Russia lately seems to be toughening up its diplomatic posture as it faces
heavy pressure from several fronts. Two have stood out.
One is seen in the fact that Russian President Vladimir Putin failed to reach
consensus with his American counterpart George W. Bush when the latter "warmly"
welcomed him during his US visit early this month. On July 14, Russia announced
it had temporarily stopped implementing the Treaty on Conventional Armed Forces
in Europe (CFE), citing "current extraordinary circumstances" as a reason, and
stated the country "needed to maintain its national security".
It went on to say that, during the temporary halt, Russia would not be
subjected to any international agreement on limitation of conventional arms and
it would decide the specific quantity of weaponry as the development of
international military and political situation calls for.
The statement also noted that the move did not mean Russia would shut the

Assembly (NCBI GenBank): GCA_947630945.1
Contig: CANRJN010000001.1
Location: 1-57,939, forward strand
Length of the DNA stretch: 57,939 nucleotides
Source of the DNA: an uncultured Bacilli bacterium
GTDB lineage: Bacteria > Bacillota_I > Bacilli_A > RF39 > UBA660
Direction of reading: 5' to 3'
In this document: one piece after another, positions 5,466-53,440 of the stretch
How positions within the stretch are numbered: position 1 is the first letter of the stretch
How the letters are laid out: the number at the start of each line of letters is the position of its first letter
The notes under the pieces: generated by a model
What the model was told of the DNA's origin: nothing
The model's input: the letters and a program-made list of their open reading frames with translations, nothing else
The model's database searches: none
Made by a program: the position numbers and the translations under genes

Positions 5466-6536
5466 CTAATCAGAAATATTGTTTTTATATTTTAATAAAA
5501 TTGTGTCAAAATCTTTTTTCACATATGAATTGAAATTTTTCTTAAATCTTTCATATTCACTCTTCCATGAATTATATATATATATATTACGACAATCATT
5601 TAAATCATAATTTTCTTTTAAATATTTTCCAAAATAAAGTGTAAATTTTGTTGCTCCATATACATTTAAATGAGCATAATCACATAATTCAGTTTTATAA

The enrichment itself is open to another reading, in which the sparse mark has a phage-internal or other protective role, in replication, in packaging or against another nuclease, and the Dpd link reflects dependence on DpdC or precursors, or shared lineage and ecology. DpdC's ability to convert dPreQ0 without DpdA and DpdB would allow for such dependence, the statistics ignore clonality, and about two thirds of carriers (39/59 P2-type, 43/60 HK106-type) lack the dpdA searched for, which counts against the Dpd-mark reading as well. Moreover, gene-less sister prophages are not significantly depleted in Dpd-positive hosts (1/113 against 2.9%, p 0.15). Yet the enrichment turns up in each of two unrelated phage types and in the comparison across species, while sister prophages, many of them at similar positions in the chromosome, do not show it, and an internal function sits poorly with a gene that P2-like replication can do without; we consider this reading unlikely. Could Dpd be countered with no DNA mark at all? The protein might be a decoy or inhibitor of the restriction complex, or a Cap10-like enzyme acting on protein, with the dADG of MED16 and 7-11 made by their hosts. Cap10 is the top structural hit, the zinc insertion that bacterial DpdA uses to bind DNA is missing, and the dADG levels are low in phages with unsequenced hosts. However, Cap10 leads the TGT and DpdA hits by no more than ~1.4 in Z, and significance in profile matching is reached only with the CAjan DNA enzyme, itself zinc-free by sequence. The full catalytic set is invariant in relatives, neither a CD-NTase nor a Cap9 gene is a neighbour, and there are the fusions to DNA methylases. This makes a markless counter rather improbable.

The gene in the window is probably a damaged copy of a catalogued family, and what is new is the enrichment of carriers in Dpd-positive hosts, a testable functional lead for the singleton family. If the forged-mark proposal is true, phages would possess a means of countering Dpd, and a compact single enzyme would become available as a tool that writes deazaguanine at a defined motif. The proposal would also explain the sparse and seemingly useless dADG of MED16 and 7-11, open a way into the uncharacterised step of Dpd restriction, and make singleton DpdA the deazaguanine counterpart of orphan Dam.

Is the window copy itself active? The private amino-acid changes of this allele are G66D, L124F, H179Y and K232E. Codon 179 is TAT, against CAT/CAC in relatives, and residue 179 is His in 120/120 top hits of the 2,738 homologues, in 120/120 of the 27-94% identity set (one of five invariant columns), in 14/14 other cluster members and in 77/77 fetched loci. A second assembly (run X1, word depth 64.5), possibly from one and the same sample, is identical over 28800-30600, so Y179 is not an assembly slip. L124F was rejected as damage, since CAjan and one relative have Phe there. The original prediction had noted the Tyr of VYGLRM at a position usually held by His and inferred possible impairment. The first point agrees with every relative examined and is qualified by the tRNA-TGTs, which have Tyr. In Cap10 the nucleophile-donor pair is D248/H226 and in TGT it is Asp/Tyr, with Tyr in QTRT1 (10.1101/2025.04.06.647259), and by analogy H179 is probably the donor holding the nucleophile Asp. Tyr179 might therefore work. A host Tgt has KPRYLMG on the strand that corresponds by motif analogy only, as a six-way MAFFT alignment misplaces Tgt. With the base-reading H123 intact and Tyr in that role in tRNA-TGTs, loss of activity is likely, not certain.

door to dialogue with countries concerned, while emphasizing that President
Putin had asked the Russian Foreign Ministry and other relevant authorities to
monitor reactions from other signatories of the treaty and take whatever action
is necessary according to the changing situation.
According to Russian wire services, in his meeting with top Russian military
and security services last Wednesday, Putin cited a number of "global threats"
that Russia must be prepared to encounter. The threats include the US pushing
forward plans to deploy forces in Eastern Europe and the stalled ratification of
CFE in Europe.
As many people are well aware, the CFE treaty was signed in 1990 and is
designed to limit the number of combat equipment such as tanks, heavy artillery,
warplanes and helicopter gunships.
The treaty has played a significant role in helping maintain European